Monday, May 20, 2024
HomeNewsNotes from the Sticks: No news is bad news

Notes from the Sticks: No news is bad news


WHEN I was ranting about the potholes in our country road a few weeks ago, a reader suggested contacting the local media to get some action. The trouble is that there is no local media to speak of any more.

Local papers used to be the training ground for the national press, which now takes trainees direct from university with little or no relevant experience. Every magistrates’ court hearing was covered, every council committee and full council meeting, every inquest. We would go in person every morning to the police station, fire station and ambulance station to ask what had happened overnight. We put in the lists of planning applications and decisions, and the late chemists’ rota. We went to the maternity hospitals to picture the babies born on Christmas Day and New Year’s Day. In the summer we would go to garden fetes, in November to the Remembrance services. On any topic of the day we would go into the streets and ask citizens for their views, which we would print with pictures. We went to funerals and waited at the door for the mourners to come out and give their names, then printed the list. We covered all the local sport fixtures. And that was only the backbone of the paper. We were encouraged to find our own stories by talking to people. Other stories would come our way from people calling into the office on the High Street or phoning us, or we would find them from the Births, Marriages and Deaths column. There was a network of village correspondents (unpaid) who would supply items on jumble sales, WI meetings and gardening club outings. The mantra was ‘Names make news’ because anyone mentioned in the paper (favourably, not court cases) would go out and buy six copies to send to grannies and other relatives.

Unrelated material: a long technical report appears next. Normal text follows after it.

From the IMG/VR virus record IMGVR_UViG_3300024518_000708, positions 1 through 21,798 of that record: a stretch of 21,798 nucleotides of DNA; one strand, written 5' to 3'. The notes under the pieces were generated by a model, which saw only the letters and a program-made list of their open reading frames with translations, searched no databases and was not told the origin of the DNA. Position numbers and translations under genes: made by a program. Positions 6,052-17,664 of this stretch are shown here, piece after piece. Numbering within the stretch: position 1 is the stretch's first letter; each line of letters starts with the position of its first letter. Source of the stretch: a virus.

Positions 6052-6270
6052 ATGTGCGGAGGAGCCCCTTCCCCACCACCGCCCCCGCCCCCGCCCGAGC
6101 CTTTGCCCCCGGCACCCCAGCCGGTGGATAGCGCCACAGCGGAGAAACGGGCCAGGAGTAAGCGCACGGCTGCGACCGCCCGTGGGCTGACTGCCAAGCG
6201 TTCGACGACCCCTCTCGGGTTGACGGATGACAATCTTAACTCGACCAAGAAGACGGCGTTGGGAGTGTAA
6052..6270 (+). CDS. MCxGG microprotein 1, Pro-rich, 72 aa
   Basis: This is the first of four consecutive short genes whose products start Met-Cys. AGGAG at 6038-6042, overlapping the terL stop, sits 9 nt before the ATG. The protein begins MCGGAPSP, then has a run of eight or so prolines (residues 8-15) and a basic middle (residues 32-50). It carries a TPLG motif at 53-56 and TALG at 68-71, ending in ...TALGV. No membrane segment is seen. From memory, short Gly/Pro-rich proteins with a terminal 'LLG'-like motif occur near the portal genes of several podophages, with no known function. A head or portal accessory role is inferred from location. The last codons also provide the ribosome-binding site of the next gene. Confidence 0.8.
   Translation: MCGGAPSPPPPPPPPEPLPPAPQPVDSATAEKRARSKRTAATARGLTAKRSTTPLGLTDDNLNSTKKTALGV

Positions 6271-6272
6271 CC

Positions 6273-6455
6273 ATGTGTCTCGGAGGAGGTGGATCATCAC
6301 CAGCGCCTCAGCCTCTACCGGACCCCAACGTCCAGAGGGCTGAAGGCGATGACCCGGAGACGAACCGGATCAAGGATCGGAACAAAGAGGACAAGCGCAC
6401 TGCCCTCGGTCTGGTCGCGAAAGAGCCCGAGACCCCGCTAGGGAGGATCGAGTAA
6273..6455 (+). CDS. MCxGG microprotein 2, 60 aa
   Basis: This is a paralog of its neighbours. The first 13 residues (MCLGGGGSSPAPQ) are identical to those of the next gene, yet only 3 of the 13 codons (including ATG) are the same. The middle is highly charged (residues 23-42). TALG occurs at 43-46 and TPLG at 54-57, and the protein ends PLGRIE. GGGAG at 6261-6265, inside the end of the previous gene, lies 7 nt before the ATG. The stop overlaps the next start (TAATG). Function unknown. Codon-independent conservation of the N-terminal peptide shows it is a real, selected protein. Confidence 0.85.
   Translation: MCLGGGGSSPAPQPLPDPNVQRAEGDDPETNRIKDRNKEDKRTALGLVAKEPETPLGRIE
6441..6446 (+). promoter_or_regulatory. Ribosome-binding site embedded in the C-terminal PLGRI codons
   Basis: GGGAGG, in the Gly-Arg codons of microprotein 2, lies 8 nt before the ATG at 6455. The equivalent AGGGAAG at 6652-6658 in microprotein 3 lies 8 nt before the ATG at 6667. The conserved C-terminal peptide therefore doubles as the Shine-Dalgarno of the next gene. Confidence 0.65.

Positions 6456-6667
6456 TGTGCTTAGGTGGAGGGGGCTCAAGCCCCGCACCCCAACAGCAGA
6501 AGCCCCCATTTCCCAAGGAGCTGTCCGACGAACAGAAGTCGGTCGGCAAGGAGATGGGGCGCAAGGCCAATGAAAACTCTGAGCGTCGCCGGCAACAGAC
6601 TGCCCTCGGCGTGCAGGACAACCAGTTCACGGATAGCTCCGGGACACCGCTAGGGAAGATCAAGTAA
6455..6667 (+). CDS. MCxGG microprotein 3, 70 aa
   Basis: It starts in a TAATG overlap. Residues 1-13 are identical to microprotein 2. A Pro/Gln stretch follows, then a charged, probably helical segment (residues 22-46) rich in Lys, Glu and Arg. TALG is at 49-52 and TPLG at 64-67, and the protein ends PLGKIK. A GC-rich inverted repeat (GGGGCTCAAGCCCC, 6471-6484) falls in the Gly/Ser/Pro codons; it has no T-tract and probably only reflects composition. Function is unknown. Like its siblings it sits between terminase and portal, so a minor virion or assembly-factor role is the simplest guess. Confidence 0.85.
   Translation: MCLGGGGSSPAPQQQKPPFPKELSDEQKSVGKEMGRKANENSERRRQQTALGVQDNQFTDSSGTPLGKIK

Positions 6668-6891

When the weekly paper came out everyone would read it on publication day, so they all knew what was going on in their town or village, and they would talk about it. The paper provided a shared focus and reinforced a sense of community.

Compare that with today. Our local paper is the Clitheroe Advertiser and Times, which boasts ‘Since 1868’ on its titlepiece. When I first knew the paper 30-odd years ago its office was a few doors from the Post Office on one of the main streets, where it had been since the 1900s. There were four full-time staff, including the editor and news editor, and seven part-time. In 2013 it moved to a less prominent business premises, and the staff were reduced to two full-time and four part-time. After only two years the operation decamped to Burnley to share town centre offices with a sister paper, the Burnley Express. In 2017 the office moved to a business centre on the outskirts of Burnley. By that point there was one member of staff dedicated to Clitheroe, working four days a week. There was no editor or news editor for the title. That one reporter left a month ago, so now the Clitheroe Advertiser and Times is produced by a handful of staff on a shoestring who are also working on other titles in the group.

There is a website, but it is headed ‘Burnley Express’ and has very little Clitheroe content.

Although I can’t find out historical circulation figures, in its heyday the Advertiser is likely to have had, in the parlance, 100 per cent penetration; in other words it was taken by every household in its area. Some papers, I think including the Aberdeen Press and Journal, had more than 100 per cent because some households took two copies. Now, in an area with a population of 60,000, the print circulation of the Clitheroe Advertiser is 1,400. It costs £1.60 for 38 pages, with a total of 12 ‘news stories’ and six pages of nationally syndicated puzzles. Frankly I am surprised they sell that many.

Here are this week’s front and back pages.